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Best Original Score: Ennio Morricone – The Hateful Eight

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Best Original Song: The Writings on the Wall by Sam Smith – Spectre

Source: Oscars

 

69th BAFTA AWARDS

THE  69th BAFTA AWARDS /

THE BRITISH ACADEMY FILM AWARDS

Took place on Sunday 14th February 2016 in London

BAFTA WINNERS IN THE FILM CATEGORY:

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Best Film: The Revenant

Best Director: Alejandro G. Iñárritu – The Revenant

Best Actor: Leonardo DiCaprio – The Revenant

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Best Actress: Brie Larson – Room

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Best Supporting Actor: Mark Rylance – Bridge of Spies

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Best Supporting Actress: Kate Winslet – Steve Jobs

Rising Star Award: John Boyega

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Best British Film: Brooklyn directed by John Crawley

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Best Original Screenplay: Tom McCarthy and Josh Singer – Spotlight

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Best Adapted Screenplay: Adam McKay and Charles Randolph – The Big Short

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Best Costume Design: Jenny Beavan – Mad Max Fury Road

Wild Tales

Best Foreign Language Film: Wild Tales directed by Damián Szifron (Argentina)

Source: 69TH BAFTA AWARDS

 

 

The Wild Ones

The Revenant

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Director: Alejandro Gonzalez Inarritu

Cast: Leonardo DiCaprio, Tom Hardy, Domhnall Gleeson, Will Poulter, Forrest Goodluck, Lukas Haas, Paul Anderson

According to the Oxford Dictionary, Revenant means a person who has returned supposedly from the dead.

According Oscar winning Mexican director Alejandro Gonzalez Inarritu, The Revenant has a far deeper mythical connotation. After the success of Birdman, Inarritu follows up that whimsical taste of Broadway with a gruelling historical epic, The Revenant casting two of the best leading actors in contemporary cinema: Leonardo di Caprio and Tom Hardy.

The Revenant is a harsh masculine film, set in the American wilderness in 1823, the early years of settler exploration along the Missouri river near the Canadian border. Gorgeously shot by cinematographer Emmanuel Lubezki, The Revenant takes on a slightly Terence Malick feel in the first hour, but then the audience is thrust into a bitter tale of survival about a group of men who are not only attacked by roaming Pawnee Indians but by the neighbouring French.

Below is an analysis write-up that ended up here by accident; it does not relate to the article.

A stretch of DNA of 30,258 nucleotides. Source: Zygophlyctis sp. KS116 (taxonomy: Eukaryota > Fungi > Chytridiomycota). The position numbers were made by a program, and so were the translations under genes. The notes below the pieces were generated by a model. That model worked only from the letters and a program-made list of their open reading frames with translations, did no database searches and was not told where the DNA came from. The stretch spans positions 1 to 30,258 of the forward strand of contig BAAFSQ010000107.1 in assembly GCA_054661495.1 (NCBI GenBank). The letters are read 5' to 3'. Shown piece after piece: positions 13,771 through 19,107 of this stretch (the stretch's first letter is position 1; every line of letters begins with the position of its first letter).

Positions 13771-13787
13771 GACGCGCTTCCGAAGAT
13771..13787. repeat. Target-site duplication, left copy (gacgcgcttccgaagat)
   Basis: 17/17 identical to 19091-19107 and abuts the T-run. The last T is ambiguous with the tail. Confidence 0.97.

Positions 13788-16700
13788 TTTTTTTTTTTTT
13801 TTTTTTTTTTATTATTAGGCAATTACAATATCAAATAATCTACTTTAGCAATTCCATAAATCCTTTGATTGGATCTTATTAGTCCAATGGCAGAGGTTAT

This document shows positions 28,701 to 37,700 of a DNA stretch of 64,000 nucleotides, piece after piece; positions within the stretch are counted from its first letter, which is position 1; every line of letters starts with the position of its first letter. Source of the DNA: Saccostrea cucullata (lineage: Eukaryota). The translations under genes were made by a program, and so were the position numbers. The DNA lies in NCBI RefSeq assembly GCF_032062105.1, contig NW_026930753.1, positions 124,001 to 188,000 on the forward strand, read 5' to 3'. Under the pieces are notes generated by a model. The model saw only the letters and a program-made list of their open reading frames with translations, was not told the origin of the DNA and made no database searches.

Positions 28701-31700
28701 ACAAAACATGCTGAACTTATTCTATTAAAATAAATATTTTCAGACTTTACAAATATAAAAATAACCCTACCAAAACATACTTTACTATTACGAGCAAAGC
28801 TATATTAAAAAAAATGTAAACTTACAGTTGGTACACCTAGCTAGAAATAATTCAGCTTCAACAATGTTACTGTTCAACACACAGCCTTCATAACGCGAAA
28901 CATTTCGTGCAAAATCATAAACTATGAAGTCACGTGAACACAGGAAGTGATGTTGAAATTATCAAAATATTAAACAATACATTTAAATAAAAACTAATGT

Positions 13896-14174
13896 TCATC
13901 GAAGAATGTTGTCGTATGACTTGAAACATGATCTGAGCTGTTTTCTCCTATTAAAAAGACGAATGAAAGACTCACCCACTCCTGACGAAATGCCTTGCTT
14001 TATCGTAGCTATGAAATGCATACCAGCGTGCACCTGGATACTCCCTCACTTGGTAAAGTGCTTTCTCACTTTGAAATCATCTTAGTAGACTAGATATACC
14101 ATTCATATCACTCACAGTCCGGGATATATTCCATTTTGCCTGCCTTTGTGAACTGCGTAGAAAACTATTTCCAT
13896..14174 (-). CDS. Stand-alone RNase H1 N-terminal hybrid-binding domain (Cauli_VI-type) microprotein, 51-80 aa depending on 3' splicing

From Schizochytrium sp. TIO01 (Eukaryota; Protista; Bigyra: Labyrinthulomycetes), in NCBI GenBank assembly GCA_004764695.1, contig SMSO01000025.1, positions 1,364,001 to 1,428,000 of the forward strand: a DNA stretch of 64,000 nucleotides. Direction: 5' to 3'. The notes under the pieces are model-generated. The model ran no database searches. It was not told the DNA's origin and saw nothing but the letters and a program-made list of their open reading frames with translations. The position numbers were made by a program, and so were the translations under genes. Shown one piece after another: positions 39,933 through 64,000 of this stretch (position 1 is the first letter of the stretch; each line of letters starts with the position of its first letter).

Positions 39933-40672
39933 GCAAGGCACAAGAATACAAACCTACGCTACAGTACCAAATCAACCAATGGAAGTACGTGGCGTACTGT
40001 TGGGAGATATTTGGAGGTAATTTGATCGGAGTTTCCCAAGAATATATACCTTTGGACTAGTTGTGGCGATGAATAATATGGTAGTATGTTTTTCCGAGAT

DiCaprio plays a bearded and mostly silent yet skillful tracker Hugh Glass in one of his best performances for years. DiCaprio’s role is so grueling and utterly physical that is completely opposite to anything done by the actor before which makes it all the more engrossing to watch. His previous roles in The Great Gatsby and The Wolf of Wall Street focused on characters that were debauched and surrounded by lavish wealth and power.

In The Revenant, this is DiCaprio laid bare both physically and psychologically as he battles the most hostile terrain in the icy parts of North America. In probably the best scene of the film, Glass is viciously attacked by a grizzly bear and severely injured, the filming of this scene deserves an Oscar in itself. Glass is left for dead by the half-scalped hunter and dangerous John Fitzgerald, in a career best performance by Tom Hardy who manages to permeate all his scenes with the same chilling sense of menace as he did, playing Bane in Christopher Nolan’s The Dark Knight Rises and most recently as both the Kray twins in Legend.

The tension between the two men is palpable although Hardy is the one with the most lines, while Di Caprio expresses his pain with his eyes and body, an entirely physical ordeal, a gut-wrenching soul destroying battle for survival. The environment too has own character as these two men not only battle each other but also have to survive in a semi-explored icy landscape, where settlers and native American Indians are bartering and killing each other in a continuous bloodthirsty war over land, occupation and women.